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Victoria-raised doctor practising in U.S. calls incentives to return 'great news'

Doc incentives 'great news'

A Canadian doctor practising near Boston who sounded alarm bells this summer over roadblocks he encountered trying to return to practice in Victoria says he’s excited about the province’s plans to smooth the path for international medical graduates and physicians.

Madhur Kuckreja, 33, an ­internal medicine physician practising in Brockton, Massachusetts, was trained at St. George’s University, a ­Caribbean international medical school, before completing a residency at Georgetown Hospital in Washington, D.C.

He recently acquired a Washington state licence with the thought of moving to Seattle to be closer to his hometown of Victoria, after efforts to become licenced in B.C. seemed out of reach and costly. Now he’s looking at his options.

Kuckreja, reached by phone, called the changes announced by B.C. Premier David Eby on Sunday “great news.”

“It’s crazy all the changes they are making,” said Kuckreja. “I’m very optimistic but cautious.”

For medical graduates and doctors working outside Canada, the new suite of incentives includes the tripling of Practice Ready Assessment seats — the path for internationally educated graduates to be licensed to work in B.C. — to 96 by March 2024.

Internationally educated graduates not yet eligible for licensing in B.C. will also be able to work under supervision as “associate physicians” in acute and primary care settings.

The province is working with the Royal College of Physicians and Surgeons of Canada and the College of Family Physicians of Canada to allow graduates to start the accreditation process prior to arriving in B.C.

And the College of Physicians and Surgeons of B.C. is drawing up new bylaws in coming weeks to allow physicians who trained for three years in the U.S. to practise in community clinics and family practices.

The goal is for such U.S.-trained physicians to be practising in B.C. by January.

Kuckreja believes he falls under the opening for U.S.-trained physicians, as he did his residency in the U.S. and is board-certified there. “I will definitely apply for a B.C. medical license and see what the process is like,” he said. “I didn’t see this thing coming to be honest, so my plan was to move to Washington state and then at least be pretty close to home. But let’s see what happens now.”

Krukreja said his Canadian physician colleagues in the States are equally buoyed by the news out of B.C. “I think there’s a lot of interest.”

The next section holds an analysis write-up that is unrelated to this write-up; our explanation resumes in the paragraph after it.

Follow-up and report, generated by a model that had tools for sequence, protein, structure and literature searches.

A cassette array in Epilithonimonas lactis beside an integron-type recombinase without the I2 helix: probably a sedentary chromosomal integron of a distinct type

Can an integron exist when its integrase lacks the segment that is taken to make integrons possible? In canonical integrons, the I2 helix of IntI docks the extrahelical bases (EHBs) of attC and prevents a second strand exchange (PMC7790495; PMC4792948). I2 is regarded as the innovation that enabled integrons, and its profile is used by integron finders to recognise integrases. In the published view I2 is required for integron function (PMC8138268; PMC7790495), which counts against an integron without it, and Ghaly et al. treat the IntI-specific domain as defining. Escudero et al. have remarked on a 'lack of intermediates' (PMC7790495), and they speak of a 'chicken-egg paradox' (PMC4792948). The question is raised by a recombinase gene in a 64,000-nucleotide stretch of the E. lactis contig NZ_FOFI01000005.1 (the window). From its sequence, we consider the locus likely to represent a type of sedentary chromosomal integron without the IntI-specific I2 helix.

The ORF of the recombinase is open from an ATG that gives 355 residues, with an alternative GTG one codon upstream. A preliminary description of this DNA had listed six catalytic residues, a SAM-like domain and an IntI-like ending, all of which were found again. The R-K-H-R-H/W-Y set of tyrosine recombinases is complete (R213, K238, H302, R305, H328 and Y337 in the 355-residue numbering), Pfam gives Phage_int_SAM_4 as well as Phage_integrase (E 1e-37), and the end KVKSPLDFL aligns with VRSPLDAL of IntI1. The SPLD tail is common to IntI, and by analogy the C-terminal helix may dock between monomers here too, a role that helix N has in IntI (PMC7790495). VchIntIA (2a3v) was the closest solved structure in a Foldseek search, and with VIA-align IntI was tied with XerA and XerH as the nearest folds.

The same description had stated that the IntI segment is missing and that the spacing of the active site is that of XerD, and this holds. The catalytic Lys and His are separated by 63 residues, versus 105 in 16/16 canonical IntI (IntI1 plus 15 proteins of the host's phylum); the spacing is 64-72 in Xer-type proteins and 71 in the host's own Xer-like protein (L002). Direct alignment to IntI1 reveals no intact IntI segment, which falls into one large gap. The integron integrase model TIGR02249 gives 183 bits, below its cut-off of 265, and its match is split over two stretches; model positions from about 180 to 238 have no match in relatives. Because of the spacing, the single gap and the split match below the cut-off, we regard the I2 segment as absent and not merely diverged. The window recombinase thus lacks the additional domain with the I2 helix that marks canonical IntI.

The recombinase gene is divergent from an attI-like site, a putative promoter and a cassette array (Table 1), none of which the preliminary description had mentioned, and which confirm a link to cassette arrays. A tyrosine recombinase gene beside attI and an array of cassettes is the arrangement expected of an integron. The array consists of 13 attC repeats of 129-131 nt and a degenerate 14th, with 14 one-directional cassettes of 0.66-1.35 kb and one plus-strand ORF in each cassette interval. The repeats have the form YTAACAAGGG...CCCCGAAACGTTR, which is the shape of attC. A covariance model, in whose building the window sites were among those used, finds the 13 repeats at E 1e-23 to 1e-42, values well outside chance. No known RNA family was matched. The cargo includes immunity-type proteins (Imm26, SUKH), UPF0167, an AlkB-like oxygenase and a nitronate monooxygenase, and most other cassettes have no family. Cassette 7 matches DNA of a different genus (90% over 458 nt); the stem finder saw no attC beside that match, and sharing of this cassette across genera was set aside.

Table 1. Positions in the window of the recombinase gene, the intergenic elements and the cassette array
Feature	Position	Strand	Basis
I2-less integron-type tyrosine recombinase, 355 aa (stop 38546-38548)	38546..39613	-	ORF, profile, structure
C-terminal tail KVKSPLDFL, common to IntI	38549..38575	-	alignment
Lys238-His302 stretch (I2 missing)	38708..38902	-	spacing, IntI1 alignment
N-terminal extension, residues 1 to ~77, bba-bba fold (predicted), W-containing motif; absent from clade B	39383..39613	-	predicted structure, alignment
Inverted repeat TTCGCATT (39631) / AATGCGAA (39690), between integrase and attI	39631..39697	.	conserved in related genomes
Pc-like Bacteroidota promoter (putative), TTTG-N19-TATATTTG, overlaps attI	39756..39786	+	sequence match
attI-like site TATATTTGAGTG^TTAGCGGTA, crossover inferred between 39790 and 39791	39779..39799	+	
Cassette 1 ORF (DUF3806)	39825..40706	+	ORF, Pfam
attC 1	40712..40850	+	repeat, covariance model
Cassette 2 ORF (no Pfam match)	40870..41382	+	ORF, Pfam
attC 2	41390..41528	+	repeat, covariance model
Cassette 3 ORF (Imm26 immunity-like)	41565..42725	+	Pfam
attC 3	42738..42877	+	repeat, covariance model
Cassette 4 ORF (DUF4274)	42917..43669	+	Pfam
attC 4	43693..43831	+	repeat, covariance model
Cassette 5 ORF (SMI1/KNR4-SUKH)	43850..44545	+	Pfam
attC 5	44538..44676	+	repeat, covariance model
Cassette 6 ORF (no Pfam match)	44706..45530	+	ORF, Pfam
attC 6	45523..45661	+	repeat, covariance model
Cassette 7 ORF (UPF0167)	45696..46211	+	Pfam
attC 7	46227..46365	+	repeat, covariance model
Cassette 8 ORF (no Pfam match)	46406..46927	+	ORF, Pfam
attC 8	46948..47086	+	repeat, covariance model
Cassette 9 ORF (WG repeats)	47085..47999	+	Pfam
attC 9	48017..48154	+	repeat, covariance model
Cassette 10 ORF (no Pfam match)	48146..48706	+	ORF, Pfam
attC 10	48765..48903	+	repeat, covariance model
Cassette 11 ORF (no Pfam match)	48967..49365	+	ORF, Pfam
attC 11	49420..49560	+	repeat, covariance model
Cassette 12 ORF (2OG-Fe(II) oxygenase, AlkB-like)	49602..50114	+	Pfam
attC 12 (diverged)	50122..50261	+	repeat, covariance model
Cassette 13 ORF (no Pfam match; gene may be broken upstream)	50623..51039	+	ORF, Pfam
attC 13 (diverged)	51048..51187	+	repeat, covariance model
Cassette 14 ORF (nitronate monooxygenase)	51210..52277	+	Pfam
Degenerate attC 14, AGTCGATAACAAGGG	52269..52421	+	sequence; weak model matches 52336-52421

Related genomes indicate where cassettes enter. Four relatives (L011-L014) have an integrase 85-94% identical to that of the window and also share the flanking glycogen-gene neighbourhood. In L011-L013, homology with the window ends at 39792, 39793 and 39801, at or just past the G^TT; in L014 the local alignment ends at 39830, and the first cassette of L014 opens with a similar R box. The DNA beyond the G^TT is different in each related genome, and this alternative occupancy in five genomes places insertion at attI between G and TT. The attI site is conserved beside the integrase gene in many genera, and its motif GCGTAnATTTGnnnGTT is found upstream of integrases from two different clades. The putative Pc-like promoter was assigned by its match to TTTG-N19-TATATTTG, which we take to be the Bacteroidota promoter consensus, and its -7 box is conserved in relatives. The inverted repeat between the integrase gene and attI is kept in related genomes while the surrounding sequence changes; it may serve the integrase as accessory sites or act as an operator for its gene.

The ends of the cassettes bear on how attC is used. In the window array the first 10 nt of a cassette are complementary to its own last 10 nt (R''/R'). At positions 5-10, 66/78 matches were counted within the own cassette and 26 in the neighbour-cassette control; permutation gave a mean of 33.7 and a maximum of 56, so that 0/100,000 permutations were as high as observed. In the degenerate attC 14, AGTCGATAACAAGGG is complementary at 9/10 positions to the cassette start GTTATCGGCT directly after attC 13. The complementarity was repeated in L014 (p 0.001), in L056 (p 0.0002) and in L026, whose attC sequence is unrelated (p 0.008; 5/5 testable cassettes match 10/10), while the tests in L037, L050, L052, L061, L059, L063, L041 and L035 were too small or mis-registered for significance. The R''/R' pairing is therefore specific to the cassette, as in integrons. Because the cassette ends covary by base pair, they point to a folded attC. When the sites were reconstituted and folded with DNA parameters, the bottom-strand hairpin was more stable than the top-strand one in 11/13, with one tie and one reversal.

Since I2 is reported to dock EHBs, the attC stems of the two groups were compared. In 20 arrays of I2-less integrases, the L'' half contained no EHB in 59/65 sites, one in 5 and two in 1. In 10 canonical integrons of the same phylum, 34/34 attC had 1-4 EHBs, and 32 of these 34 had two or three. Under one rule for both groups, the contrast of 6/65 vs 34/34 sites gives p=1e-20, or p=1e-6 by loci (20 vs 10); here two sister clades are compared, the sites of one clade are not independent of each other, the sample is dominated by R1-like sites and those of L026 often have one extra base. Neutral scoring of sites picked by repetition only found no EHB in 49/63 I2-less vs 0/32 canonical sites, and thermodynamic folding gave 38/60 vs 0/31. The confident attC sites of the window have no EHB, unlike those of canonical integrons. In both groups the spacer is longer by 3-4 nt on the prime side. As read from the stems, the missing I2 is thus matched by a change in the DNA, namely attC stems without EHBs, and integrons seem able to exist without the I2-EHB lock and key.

Born in India, Kuckreja moved to Victoria when he was eight, attending Quadra Elementary, Cedar Hill Middle School and Mount Doug High School. His parents and sister still live here.

“I visit Victoria two or three times a year — I still consider it home,” he said.

Kuckreja did his ­undergraduate degree at the University of Victoria but didn’t get into the University of B.C.’s medical school — “my dream school” — on his first try. After seeing colleagues try for years, he was unwilling to wait to reapply and shifted to his backup plan: the Caribbean school.

Reading news of the physician shortage here, Kuckreja thought it was time to return home to be closer to his family.

But his application for a B.C. medical licence was denied, and he was told he needed another full year of training and ­to pass several exams, ­including the $1,375 Medical Council of Canada Qualifying Exam.

Kuckreja, who works at Brockton Neighborhood Health Center, said he’s already well into his profession. He’s gone to medical school, completed his fellowship “and then after that we’re asked to do more training?” It’s frustrating, he said.

After that much schooling, many doctors are looking to put down roots and start a family, he said.

B.C. requires additional training because Kuckreja was trained in internal medicine, which requires a three-year ­residency in the U.S. and a ­four-year residency in Canada.

“I trained in the U.S. I’m board-certified in internal medicine in the U.S. I have no blemishes on my record,” said Kuckreja. “It should be a lot easier for us to come back without jumping through all these hoops.”

When he returned home to Victoria last summer, he was surprised to hear so many people complain they didn’t have a family doctor. It’s estimated one million people in B.C. don’t have a family doctor, including about 100,000 on the south Island.

“Everybody you talk to in Victoria says the same thing,” said Kuckreja. “And at the same time when I tried to apply for my medical license, I was told: ‘You have to do another year of training,’ which made me frustrated, so I’m really happy the province is taking this seriously.”

Aly Husein, who also did his undergrad in B.C. and attended medical school in the Caribbean, similarly tried unsuccessfully to return to B.C. For Husein, the news of coming changes for internationally educated graduates was bittersweet.

“I signed in the U.S. for three years before all this was mentioned,” he said via email. “A lot of us have.”

Although the changes announced Sunday are promising, he added, prohibitive fees remain. “The fees are still in the thousands to apply and get back.”



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